12/01/2003 12:00AM

Another rider, another stakes

Benoit & Associates
John Velazquez, in a spot previously occupied by Jerry Bailey, is aboard Heat Haze after the filly's victory in the Matriarch Stakes.

INGLEWOOD, Calif. - Jerry Bailey owes his remarkable 2003 season in large part to the success of the horses trained by Bobby Frankel. In very large part. Bailey has won 70 stakes, a record, with 25 of them coming aboard Frankel runners. For those without a calculator handy, that is a robust 35.7 percent.

By the same token, Bobby Frankel owes Jerry Bailey a debt of gratitude for the jockey's contribution to the trainer's incredible 2003 season. Going into last weekend's racing, Frankel horses had won 50 stakes, 25 of them ridden by Jerry Bailey. You don't need a calculator to know that comes out to an amazing 50 percent.

Frankel and Bailey, Bailey and Frankel - it has become the mantra of the game. Not since the days of Bill Shoemaker and Charlie Whittingham, or Eddie Arcaro and the Jones boys of Calumet Farm, has a collaboration of riding and training skills been taken to such great heights.

So cut them some slack. Nobody gets it right all the time. For once - maybe the only time this year - Bailey zigged away from a Frankel runner and had to watch John Velazquez zag right into the Hollywood Park winner's circle aboard the redoubtable Heat Haze in the $500,000 Matriarch Stakes on Sunday afternoon. The same Heat Haze who was ridden in her most recent race by one Jerry Bailey.

"She's hot," said Frankel to assistant Ruben Loza as he touched Heat Haze lightly on the flank, then straightened a twist in her rein. "Why's she getting hot? You school her yesterday?"

Hot, right, like anyone else would notice. Circling in the paddock with the other Matriarch runners on a mild late November day - it was more art gallery than walking ring - Heat Haze looked the part of a sleek trained seal ready to please.

Frankel was just back from New York, where he had finished second with Midas Eyes in the Cigar Mile on the day before the Matriarch. It had been a few days since he had seen the filly. Loza assured the boss Heat Haze had schooled, so Frankel wrote it off to a temporary change in grooms. Fillies care about such things.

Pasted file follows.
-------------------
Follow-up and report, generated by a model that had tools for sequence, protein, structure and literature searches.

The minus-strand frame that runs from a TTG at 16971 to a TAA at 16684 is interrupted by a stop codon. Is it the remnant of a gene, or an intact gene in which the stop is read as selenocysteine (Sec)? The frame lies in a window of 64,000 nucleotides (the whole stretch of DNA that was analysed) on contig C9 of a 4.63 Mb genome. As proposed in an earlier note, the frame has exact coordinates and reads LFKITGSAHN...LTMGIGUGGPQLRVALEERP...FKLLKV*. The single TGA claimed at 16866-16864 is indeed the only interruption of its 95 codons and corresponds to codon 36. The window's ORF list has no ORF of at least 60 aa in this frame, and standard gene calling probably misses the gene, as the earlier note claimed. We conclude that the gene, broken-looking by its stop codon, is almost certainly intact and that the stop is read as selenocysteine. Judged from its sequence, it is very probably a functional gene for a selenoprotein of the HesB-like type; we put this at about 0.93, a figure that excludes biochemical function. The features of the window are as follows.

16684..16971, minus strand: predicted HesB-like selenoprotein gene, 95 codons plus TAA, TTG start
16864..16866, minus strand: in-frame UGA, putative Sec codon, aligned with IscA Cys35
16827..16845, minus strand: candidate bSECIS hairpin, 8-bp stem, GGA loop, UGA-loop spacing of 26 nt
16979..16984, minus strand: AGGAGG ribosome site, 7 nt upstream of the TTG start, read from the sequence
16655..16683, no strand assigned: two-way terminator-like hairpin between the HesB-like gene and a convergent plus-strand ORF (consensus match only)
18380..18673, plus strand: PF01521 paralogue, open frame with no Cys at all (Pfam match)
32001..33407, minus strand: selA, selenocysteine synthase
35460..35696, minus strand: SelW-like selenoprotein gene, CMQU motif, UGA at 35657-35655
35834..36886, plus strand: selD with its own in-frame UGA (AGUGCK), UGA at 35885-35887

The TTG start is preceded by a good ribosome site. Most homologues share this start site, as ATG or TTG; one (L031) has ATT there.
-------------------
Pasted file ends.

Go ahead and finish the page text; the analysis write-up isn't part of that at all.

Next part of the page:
As for Frankel, he was still running a little warm over the change in the Matriarch distance from nine furlongs to one mile. Small wonder. Frankel won the race four times between 1996 and 2001 at its previous distance, most recently with his own mare Starine, who was ridden by John Velazquez. Furthermore, Frankel fillies and mares had dominated California's nine- and 10-furlong turf scene in 2003. Frankel won the Ramona and Santa Barbara with Megahertz and the Yellow Ribbon, the Gamely and the San Gorgonio with Tates Creek. Heat Haze contributed the 9 1/2-furlong Beverly D. in Chicago.

"I don't know why they have to mess around with a good race," Frankel said. "What was wrong with it?"

Not a thing, but at least the Matriarch's maiden voyage at a mile made for an entertaining minute and a half. Run it three or four more times and the results would scramble, especially since the margins separating the first five at the end of the 14-horse charge were nose, neck, half, and half. The vote for a do-over was 13-1.

Velazquez, in fact, conceded he had to be extremely lucky to find room at the right time for Heat Haze to make her final charge. They were last to the stretch turn, facing nothing but tails, until Velazquez caught sight of Musical Chimes and his New York colleague, Edgar Prado.

"She was moving well," Velazquez said. "So I followed them."

Good move, especially since things were getting ugly elsewhere. Bailey's chosen one, the French filly Etoile Montante, went from dead aim on the lead to lugging badly left over the heels of pacesetter Chopinina. The ensuing squeeze caught Maiden Tower, Garden in the Rain, and, to a lesser extent, Dedication and Acago.

Musical Chimes, meanwhile, was in full flight, running back to her French classic form. Up in the stands, Neil Drysdale suddenly was entertaining visions of a rescued weekend. The trainer had returned earlier in the day from a washout in Japan, where he had saddled Sarafan under typhoon conditions in a forgettable Japan Cup.

"The filly ran so well," Drysdale said afterward. "She's still a bit green, I think. When she got to the lead, she was sort of startled, as if she was not sure of what to do next."

The hesitation enabled Heat Haze to catch Musical Chimes right on the line, with Dedication on the inside in third. Fourth money went to Island Fashion, winner of this year's Alabama Stakes, who was making her first start on the grass and her debut for her new California trainer, Marcelo Polanco. She was 87-1.

"This race was a mile and one-eighth last year, wasn't it?" Polanco wondered aloud, after missing a life-changing moment by barely half a length.

"Oh well," he sighed. "At least we got beat by Frankel. We got beat by the giant."